Forty-five out of 48 central universities in India have put in place the machinery for the CUET which will select 540,000 undergraduate students out of 1,30,00,000 hopefuls who will take the test. This proves that the right to higher education is certainly not a fundamental right but depends on the caprices of the central government which comprises political parties espousing a certain ideology. Ironically, the Modi government owes its bid to radically alter admissions to 48 central universities to its bete noire, Indira Gandhi, who shifted education from the state list to the concurrent list in 1976 after enacting the 42nd amendment to the Constitution. This is why both the Modi government and states such as Tamil Nadu can legislate on the subject. Tamil Nadu exercised its sovereignty by passing a resolution demanding the Modi government repeal the CUET.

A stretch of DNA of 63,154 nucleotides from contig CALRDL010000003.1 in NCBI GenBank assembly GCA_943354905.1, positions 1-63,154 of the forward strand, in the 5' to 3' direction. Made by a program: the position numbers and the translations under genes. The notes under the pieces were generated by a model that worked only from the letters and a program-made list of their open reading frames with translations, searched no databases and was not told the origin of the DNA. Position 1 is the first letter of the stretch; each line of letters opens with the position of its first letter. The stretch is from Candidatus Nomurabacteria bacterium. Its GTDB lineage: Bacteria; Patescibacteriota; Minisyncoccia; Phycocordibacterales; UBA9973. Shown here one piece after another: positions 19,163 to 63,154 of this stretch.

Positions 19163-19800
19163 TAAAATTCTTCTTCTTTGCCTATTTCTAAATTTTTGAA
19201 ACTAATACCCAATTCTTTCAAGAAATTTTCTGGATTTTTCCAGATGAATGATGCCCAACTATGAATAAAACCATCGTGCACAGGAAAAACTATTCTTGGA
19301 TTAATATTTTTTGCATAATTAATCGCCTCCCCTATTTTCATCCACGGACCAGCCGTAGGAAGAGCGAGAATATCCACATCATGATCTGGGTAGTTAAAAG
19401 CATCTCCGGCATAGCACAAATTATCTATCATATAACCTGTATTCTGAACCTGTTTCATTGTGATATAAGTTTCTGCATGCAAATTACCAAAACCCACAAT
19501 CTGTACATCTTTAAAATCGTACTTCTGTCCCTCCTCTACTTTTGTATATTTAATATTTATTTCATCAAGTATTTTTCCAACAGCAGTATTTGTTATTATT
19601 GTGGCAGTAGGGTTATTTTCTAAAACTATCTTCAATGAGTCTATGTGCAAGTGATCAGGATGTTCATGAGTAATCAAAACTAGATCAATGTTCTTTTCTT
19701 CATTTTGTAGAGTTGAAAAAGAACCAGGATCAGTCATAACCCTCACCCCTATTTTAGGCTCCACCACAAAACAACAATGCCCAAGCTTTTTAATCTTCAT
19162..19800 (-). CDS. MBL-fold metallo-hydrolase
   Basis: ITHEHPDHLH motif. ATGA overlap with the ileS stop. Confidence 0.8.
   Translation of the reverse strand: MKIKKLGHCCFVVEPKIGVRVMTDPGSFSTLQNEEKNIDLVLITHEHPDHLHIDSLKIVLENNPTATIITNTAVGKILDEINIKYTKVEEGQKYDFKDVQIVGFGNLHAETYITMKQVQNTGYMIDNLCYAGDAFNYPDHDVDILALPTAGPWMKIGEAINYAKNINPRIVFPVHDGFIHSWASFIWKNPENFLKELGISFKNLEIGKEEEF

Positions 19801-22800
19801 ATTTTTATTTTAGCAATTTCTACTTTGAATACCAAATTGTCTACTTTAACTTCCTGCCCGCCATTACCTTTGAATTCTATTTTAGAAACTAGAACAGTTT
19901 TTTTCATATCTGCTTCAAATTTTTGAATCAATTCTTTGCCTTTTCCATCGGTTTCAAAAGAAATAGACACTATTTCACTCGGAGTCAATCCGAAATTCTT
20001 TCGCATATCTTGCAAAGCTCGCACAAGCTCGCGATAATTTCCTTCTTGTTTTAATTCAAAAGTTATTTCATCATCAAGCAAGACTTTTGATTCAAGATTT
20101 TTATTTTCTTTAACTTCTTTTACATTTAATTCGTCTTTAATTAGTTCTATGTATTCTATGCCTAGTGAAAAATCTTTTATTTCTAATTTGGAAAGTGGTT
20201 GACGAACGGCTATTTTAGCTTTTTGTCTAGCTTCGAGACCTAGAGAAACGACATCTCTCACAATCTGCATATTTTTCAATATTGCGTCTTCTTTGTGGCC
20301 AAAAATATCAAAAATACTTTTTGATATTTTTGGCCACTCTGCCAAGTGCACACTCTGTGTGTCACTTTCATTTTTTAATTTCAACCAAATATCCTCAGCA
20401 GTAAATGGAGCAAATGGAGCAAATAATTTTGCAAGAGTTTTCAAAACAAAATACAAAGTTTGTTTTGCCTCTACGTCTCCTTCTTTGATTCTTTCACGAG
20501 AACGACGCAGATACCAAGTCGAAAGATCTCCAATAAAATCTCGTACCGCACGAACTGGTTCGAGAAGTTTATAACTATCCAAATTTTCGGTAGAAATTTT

But such resolutions passed by the late DMK chief’s son, who is the present chief minister of Tamil Nadu, M.K. Stalin, had zero effect outside the state. This is why the Modi government will ignore the resolution so that the CUET is here to stay. It is definitely illogical to argue that the syllabus framed by the National Council for Educational Research and Talent will marginalize disadvantaged children, as Stalin opines. The Supreme Court has observed in the past that the framers of the Constitution would not have given absolute rights to any group to administer educational institutions in such a way as to conflict with the other parts of the Constitution. This is why the resolution passed by the Tamil Nadu assembly is not binding on the Modi government. What the UGC declares amounts to binding law on the universities but not the other way around. Now the right to education is inextricably linked to the right to livelihood which gives rise to over 50,00,000 coaching classes spread from Kota in Rajasthan to Tamil Nadu. These coaching institutes guarantee success if you pay first, and pray later. Some of their students do indeed crack these entrance tests like NEET and JEE because they are provided with notes to learn by rote which they can quote to enter the medical and engineering colleges of their choice. Whether they really turn out to be the best doctors or engineers we have is a debatable point.